People with a well developed cortex find tonic water less bitter, study finds

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  Last updated February 7, 2019 at 10:38 am

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Australian research holds promise for new approaches to eating disorders.


People with a well developed cortex find quinine less bitter, research finds. Credit: Getty


Reactions to quinine, the compound that gives tonic water its characteristic bitter taste, have been found to correlate with the size of an area of the brain known as the entorhinal cortex.


The finding, by a team of researchers led by Liang-Dar Hwang of Australia’s Queensland Brain Institute, is the first evidence that relative brain size relates to the perception of flavour.


Hwang and colleagues enrolled more than 1600 volunteers in Australia and the US in a quest to discover variations in reactions to sweet and bitter substances.


Participants were asked to rate their reactions to tastes along the sweet-to-bitter spectrum. Each then underwent an MRI scan to determine the size of his or her brain.


The results – published in the journal Behavioural Brain Research – were surprising.


“We found that the left side of the entorhinal cortex, an area of the brain responsible for memory, odour and visual perception, was larger in people who found quinine to be less bitter,” says Hwang.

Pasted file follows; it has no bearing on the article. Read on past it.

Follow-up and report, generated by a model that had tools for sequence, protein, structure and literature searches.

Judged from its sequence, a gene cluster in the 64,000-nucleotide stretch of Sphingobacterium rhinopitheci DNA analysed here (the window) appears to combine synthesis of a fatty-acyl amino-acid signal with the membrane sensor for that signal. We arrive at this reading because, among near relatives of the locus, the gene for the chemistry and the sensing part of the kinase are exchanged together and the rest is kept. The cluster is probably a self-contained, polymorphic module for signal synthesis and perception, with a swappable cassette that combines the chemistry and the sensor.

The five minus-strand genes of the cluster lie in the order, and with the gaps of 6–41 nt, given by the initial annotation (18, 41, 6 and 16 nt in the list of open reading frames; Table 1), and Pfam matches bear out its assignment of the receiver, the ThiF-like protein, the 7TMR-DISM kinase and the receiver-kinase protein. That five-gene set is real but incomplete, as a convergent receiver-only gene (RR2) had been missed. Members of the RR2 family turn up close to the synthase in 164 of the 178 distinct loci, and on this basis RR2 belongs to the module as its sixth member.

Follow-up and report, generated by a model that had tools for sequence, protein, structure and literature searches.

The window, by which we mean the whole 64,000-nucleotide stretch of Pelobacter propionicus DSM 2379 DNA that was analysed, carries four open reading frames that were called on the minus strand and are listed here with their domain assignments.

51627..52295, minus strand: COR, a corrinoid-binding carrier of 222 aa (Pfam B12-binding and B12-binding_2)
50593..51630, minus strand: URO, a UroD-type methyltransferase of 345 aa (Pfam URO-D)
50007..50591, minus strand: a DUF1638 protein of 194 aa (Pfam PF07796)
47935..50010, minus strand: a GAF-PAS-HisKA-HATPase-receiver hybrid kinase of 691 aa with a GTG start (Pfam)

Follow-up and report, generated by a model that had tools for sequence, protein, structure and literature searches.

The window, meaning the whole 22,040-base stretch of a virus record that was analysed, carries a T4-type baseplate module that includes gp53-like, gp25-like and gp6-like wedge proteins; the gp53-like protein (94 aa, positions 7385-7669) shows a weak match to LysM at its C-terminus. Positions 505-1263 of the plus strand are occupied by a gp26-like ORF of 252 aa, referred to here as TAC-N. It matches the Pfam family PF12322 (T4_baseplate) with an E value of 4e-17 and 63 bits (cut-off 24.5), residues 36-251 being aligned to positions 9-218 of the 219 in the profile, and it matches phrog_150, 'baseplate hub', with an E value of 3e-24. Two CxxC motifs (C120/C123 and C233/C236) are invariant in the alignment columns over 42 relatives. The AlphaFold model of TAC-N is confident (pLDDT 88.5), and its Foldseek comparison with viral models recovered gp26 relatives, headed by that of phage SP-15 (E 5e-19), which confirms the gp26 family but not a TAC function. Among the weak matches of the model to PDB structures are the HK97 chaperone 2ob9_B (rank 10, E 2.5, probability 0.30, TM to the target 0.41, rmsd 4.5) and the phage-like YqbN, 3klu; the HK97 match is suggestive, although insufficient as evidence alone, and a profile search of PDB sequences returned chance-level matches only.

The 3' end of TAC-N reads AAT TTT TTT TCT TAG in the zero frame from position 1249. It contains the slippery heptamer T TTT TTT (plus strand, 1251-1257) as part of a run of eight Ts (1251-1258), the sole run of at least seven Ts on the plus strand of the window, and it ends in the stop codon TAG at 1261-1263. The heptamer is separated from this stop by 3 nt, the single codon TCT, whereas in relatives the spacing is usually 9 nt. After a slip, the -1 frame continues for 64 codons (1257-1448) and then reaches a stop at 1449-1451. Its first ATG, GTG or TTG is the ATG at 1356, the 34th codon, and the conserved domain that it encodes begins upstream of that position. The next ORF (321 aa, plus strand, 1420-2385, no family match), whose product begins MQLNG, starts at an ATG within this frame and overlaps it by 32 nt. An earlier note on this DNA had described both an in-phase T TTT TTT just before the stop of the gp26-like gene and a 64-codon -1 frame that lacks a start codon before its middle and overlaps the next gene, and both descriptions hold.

The finding can’t be interpreted to mean that bigger cortexes indicate a fondness for tonic water, but it does support the contention that those with the enlarged area found the taste less confronting.


At first blush, the research may seem to be of little practical value, but Hwang and his colleagues disagree.


“Our study is a step towards understanding exactly how the brain perceives taste,” he explains.


“The findings have implications for improving dietary behaviour and treating eating disorders.


“By targeting specific areas in the gustatory cortex, we could treat eating disorders using methods such as transcranial magnetic stimulation, a non-invasive treatment currently used to treat mental illness.”


There is no word thus far on whether the researchers plan to extend the experiment by adding a good gin to the mix.


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Andrew Masterson
Andrew Masterson is editor of Cosmos.

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